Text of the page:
Texas Federal Reserve Reports Improved Ag Conditions

Eleventh District agricultural bankers responding to a Federal Reserve fourth-quarter survey last month, reported improved conditions across most regions.

The Eleventh Federal Reserve District includes Texas, northern Louisiana and southern New Mexico.

Crop yields have been good, particularly for corn and cotton, the survey showed.  However, some areas reported problems with the harvest because of excessive moisture.

Respondents noted that farm-gate prices generally were weak, particularly for cattle.




The agriculture survey found that demand for agricultural loans overall declined for a 13th straight quarter, the Federal Reserve Bank said.  Loan renewals and extensions decelerated, and the rate of loan repayment declined after flattening in the third quarter.

Loan volume fell across all major categories, compared with a year ago, with the sharpest declines in dairy, farm machinery and feeder cattle loans.




The Federal Reserve update also said district cropland values had ticked up in the latest quarter, while ranchland values declined.

Responding bankers in the fourth quarters of 2018 and 2017 said Texas nominal cropland and ranchland values increased year over year.

Southern New Mexico respondents said there was an increase in irrigated cropland and ranchland values but a decline in dryland values.  Northern Louisiana respondents reported an increase in cropland and ranchland values.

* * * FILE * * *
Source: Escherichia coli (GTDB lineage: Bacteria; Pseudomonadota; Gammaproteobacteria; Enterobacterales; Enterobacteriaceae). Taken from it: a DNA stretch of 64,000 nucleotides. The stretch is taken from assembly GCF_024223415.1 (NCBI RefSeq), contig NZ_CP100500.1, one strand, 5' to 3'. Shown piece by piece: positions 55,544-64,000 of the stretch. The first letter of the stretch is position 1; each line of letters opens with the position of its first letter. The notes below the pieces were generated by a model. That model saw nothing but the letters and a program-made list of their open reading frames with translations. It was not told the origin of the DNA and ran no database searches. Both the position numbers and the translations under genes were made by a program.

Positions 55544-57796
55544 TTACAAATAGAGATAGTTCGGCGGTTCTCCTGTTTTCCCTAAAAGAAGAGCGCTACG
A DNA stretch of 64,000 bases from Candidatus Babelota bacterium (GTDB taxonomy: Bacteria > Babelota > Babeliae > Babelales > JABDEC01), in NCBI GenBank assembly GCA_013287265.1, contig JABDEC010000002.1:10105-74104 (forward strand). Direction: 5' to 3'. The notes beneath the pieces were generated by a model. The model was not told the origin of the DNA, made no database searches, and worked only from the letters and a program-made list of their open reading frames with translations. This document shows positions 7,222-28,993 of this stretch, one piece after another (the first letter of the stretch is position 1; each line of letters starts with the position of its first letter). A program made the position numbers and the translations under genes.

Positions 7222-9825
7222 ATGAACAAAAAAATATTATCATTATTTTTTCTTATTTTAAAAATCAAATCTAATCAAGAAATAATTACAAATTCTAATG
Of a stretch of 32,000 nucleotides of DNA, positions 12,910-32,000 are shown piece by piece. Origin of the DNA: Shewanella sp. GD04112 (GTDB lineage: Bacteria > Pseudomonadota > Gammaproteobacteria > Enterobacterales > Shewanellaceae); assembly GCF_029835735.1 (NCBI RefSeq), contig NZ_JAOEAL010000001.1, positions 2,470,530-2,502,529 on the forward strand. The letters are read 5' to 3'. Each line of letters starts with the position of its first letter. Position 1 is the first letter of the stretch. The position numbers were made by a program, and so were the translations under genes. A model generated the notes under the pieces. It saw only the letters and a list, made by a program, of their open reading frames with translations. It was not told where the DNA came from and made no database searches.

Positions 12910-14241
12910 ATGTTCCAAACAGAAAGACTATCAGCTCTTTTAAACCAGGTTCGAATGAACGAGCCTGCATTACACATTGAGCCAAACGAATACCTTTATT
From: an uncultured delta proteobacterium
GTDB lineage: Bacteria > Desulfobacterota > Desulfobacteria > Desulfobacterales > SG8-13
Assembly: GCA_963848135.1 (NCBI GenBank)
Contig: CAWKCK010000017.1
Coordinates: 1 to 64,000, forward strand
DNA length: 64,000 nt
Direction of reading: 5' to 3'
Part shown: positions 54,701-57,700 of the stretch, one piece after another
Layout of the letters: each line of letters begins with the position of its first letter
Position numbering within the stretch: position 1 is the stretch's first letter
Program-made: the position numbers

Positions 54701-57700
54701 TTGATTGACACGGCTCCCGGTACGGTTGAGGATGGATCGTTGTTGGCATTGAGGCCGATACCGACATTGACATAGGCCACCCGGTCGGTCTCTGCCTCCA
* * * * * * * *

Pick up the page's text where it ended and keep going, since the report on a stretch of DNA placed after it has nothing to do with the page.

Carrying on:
Interest rates rose last quarter on all loan categories, the bank said.  They also increased in each quarter for all loan categories.

Fixed rate interest rates for loans on feeder cattle rose steadily through 2018, averaging 6.88% in the fourth quarter last year from 6.24% in the 2017 quarter, the bank said.

Fixed rates for long-term farm real estate loans rose to an average of 6.58% during the fourth quarter of 2018 from 5.99% in the same quarter a year earlier.

Fixed rates for intermediate term loans were reported in fourth-quarter 2018 at 6.78%, compared with 6.25% a year earlier.

And interest rates for other farm operating loans were listed in the fourth quarter at 6.95%, up from 6.29% in the fourth quarter of 2017.




Bankers commented in the surveys that agricultural land values and credit conditions included some that said yields and prices were not good enough to cover the high cost of inputs.

Comments also came in that farmland values were holding up better than expected when considering the downward turn in commodity prices, the Federal Reserve Bank said.  This appeared to be based on a lot of optimism that the markets would return and that trade relations would improve.




The Federal Reserve Bank of Minneapolis published an update that said the South Dakota economy has been sluggish, mostly because of a slump in the farm economy.

But that also depends on geography.  Sioux Falls, the largest city in the Dakotas, has seen steady growth for some time, while Rapid City has seen less-rapid growth.

The Minneapolis bank explained that the South Dakota economy is tied very closely with agriculture.




Cash cattle traded last week at $123 to mostly $124 per cwt on a live basis, up $1 from the previous week and at $195 to mostly $197 on a dressed basis, up $1 to $2.

The USDA choice cutout Friday was down $1.50 per cwt at $212.46, while select was off $1.50 at $206.27.  The choice/select spread held steady at $6.19 with 71 loads of fabricated product sold into the spot market.

The CME Feeder Cattle index for the seven days ended Thursday, was $145.46 per cwt, down $0.09.  This compares with Friday’s Jan settlement of $146.12, down $0.62.